Homes up and down the country can now have historically inspired interiors in the style of one of the UK’s most iconic buildings – Victoria Baths, Manchester.

The beautiful Baths – featured in TV smash hits Cold Feet and Peaky Blinders – is the inspiration behind a new range of tiles designed by creatives at Tile Giant.

The new collection includes 50 new tiles varying in six different sizes and styles, spanning across seven primary colour schemes. Like the Baths themselves, the unique new tile range features deep glazed green designs and rich terracotta and ochre colours. A percentage of each tile sold will contribute to Victoria Baths Trust, the charity who look after the building, with the long-term aim of full restoration.

Tile Giant has worked in partnership with Johnsons Tiles to produce the range which will cost from £35 per m².

James Heese, managing director of Tile Giant, says: “Our designers spent time on site at Victoria Baths to soak in the very best in this classic British design. When you walk through the doors of the Baths, you are transported to another era of elegance.

“The Edwardian design and architectural inspiration of this new range will mean that homeowners will feel a sense of stepping into history, while maintaining high quality design that translate in to modern day living.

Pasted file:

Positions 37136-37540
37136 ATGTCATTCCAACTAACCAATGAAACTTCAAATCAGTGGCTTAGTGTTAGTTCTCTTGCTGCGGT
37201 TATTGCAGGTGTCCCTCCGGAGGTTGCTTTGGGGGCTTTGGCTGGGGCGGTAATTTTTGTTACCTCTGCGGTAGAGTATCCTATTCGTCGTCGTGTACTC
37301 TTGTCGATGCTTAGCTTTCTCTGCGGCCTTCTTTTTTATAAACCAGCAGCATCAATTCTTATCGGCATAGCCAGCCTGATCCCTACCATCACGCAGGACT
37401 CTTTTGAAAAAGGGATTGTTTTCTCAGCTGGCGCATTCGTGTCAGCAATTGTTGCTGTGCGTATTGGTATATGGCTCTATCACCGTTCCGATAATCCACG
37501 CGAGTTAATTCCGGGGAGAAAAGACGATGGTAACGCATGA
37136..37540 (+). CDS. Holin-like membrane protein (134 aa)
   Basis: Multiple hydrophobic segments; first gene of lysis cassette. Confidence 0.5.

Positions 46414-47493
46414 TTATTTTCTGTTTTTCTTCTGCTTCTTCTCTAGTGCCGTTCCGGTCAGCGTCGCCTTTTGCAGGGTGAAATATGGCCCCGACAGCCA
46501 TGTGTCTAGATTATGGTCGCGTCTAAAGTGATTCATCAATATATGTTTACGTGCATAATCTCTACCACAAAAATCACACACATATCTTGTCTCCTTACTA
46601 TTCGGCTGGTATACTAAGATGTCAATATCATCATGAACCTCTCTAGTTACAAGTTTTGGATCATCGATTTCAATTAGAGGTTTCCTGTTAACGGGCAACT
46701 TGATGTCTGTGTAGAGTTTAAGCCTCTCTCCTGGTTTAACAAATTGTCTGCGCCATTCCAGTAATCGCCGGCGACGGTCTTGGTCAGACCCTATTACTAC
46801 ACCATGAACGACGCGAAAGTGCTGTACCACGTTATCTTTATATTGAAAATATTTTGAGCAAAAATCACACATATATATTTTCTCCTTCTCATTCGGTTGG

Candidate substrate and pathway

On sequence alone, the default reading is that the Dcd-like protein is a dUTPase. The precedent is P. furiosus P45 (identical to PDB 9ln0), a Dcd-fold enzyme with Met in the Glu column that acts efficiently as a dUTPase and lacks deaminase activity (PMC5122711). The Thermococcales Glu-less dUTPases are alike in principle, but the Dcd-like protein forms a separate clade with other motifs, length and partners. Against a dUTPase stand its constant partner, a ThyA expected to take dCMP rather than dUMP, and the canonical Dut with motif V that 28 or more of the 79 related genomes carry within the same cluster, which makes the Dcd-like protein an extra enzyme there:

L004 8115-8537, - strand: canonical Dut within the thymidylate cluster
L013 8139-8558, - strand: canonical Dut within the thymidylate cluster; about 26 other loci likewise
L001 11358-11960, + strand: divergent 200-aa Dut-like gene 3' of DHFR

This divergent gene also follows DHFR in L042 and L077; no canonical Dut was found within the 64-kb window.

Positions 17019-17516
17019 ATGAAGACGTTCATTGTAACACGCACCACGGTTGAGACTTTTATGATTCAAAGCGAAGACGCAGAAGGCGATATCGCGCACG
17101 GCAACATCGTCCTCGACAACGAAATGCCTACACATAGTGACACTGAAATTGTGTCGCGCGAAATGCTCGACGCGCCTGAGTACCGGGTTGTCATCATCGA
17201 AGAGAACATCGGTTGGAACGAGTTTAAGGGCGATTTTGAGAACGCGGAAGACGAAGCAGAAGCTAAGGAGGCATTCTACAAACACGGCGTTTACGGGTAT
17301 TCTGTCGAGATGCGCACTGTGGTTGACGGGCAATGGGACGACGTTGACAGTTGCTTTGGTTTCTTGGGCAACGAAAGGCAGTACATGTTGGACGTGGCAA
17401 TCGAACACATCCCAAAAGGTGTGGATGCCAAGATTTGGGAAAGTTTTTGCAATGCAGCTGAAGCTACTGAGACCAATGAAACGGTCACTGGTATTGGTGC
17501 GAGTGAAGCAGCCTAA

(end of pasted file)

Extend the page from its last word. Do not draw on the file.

“For every product sold we will be guaranteeing a contribution to Victoria Baths Trust to keep the doors of this stunning building open to the public.”

Described as Manchester’s ‘Water Palace’, Victoria Baths first opened its doors in 1906 but closed in 1993. Since then, its part-restoration has enabled the space to be open to the public as a heritage visitor attraction, an events venue and a location for many TV and film productions.

Jill Earnshaw, from Victoria Baths, says: “Our vision is to get Victoria Baths fully reopened to the public, with a pool and a Turkish Baths, just as they were in their heyday, and our community is fully behind this campaign. Tile Giant’s support is greatly appreciated.

“The style and look of the Baths is something that strikes everyone who visits or who has seen the building on TV and to have the opportunity to recreate that style in your own home is fantastic.”

Two large stained glass windows are next in line for restoration, as part of the long-term plan to restore the building to its former glory and bring its facilities back into public use.


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